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The Distributional Consequences of Exchange Rate Devaluations

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  • Andrei Levchenko

    (University of Michigan)

  • Javier Cravino

    (University of Michigan)

Abstract

We study the differential impact of large exchange rate devaluations on the cost of living at different points on the income distribution. Across product categories, the poor have relatively high expenditure shares in tradeables. Within tradeable product categories, the poor consume lower-priced varieties that contain relatively less domestic value added. A devaluation raises the relative price of tradeables, and within product categories raises the relative price of cheaper varieties. Both effects imply that the devaluation hurts the low-income households more than the high-income ones. We quantify these effects following the 1994 Mexican peso devaluation and show that the distributional consequences can be large. Following the devaluation, the cost of the consumption basket of those in the bottom decile of the income distribution rose between 1/3 and 1/2 times more than the cost of the consumption basket for the top income decile. We supplement the detailed results for Mexico using cross-country evidence.

Suggested Citation

  • Andrei Levchenko & Javier Cravino, 2015. "The Distributional Consequences of Exchange Rate Devaluations," 2015 Meeting Papers 1060, Society for Economic Dynamics.
  • Handle: RePEc:red:sed015:1060
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    File URL: https://economicdynamics.org/meetpapers/2015/paper_1060.pdf
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    References listed on IDEAS

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    1. Ariel Burstein & Martin Eichenbaum & Sergio Rebelo, 2005. "Large Devaluations and the Real Exchange Rate," Journal of Political Economy, University of Chicago Press, vol. 113(4), pages 742-784, August.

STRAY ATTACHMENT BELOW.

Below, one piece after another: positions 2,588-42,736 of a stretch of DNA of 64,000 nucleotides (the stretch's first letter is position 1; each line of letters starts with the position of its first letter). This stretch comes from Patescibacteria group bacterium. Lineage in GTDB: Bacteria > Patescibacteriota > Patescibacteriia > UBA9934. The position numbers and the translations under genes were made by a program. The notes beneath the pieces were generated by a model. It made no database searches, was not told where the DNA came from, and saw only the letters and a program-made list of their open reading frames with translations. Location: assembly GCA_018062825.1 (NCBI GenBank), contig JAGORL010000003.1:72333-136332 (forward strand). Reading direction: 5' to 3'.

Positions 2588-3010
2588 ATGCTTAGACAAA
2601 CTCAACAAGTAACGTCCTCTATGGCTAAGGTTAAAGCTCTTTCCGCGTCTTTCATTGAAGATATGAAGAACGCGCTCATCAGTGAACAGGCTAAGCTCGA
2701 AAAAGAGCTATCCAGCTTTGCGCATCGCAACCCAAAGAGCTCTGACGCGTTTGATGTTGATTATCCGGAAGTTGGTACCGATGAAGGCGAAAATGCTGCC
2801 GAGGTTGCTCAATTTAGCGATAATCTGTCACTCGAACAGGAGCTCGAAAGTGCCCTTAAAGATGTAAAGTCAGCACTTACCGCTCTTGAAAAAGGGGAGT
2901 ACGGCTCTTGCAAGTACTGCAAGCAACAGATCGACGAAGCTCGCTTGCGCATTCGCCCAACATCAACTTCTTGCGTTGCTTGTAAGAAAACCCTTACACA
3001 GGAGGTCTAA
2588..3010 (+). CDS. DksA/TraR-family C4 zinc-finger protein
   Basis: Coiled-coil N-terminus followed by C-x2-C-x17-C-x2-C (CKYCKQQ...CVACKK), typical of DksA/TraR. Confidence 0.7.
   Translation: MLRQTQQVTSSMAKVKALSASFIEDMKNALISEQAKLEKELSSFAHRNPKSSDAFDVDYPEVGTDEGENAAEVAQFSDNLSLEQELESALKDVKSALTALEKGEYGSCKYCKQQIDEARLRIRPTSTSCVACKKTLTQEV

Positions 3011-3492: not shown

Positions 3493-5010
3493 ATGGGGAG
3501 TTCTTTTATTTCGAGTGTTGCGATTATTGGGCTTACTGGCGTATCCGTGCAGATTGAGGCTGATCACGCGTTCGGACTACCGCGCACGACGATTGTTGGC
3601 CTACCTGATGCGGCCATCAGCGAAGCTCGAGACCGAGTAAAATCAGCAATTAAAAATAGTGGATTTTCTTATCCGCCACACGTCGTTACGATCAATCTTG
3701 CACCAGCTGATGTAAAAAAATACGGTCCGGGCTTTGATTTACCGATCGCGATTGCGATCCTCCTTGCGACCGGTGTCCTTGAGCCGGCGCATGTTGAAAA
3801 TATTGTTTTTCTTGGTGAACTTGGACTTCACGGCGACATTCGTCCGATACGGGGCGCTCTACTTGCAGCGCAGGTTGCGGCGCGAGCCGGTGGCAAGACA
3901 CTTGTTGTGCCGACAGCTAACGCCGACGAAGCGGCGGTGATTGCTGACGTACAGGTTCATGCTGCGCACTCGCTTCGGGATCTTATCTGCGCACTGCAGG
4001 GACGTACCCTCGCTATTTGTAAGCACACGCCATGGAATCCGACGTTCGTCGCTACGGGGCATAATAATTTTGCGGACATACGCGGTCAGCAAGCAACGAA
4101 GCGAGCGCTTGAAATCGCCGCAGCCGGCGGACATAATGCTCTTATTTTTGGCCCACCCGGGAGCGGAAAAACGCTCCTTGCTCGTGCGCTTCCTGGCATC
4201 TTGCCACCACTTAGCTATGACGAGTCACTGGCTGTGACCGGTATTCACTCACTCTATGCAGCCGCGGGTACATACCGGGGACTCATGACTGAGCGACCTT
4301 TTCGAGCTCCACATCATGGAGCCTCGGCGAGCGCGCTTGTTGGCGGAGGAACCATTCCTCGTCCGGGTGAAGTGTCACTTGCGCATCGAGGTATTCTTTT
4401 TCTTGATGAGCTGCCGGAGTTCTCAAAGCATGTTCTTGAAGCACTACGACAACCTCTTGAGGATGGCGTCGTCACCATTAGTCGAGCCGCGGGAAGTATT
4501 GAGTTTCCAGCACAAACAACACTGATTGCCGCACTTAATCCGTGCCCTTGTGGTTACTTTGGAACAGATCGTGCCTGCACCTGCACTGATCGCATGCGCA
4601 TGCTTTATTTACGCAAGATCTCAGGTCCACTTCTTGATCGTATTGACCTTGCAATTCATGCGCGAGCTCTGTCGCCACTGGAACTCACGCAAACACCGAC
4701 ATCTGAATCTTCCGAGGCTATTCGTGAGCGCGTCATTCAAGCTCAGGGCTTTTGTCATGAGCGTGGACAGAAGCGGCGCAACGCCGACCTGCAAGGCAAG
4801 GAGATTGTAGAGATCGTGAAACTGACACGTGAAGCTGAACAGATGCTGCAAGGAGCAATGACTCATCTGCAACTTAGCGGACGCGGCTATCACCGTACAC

2. Berger, David & Faust, Jon & Rogers, John H. & Steverson, Kai, 2012. "Border prices and retail prices," Journal of International Economics, Elsevier, vol. 88(1), pages 62-73.
    3. Jed Friedman & James Levinsohn, 2002. "The Distributional Impacts of Indonesia's Financial Crisis on Household Welfare: A "Rapid Response" Methodology," World Bank Economic Review, World Bank Group, vol. 16(3), pages 397-423, December.
    4. Ahlin, Christian & Shintani, Mototsugu, 2007. "Menu costs and Markov inflation: A theoretical revision with new evidence," Journal of Monetary Economics, Elsevier, vol. 54(3), pages 753-784, April.
    5. Jerry Hausman, 2003. "Sources of Bias and Solutions to Bias in the Consumer Price Index," Journal of Economic Perspectives, American Economic Association, vol. 17(1), pages 23-44, Winter.
    6. Porto, Guido G., 2006. "Using survey data to assess the distributional effects of trade policy," Journal of International Economics, Elsevier, vol. 70(1), pages 140-160, September.
    7. Etienne Gagnon, 2009. "Price Setting during Low and High Inflation: Evidence from Mexico," The Quarterly Journal of Economics, Oxford University Press, vol. 124(3), pages 1221-1263.
    8. Linda S. Goldberg & José Manuel Campa, 2010. "The Sensitivity of the CPI to Exchange Rates: Distribution Margins, Imported Inputs, and Trade Exposure," The Review of Economics and Statistics, MIT Press, vol. 92(2), pages 392-407, May.
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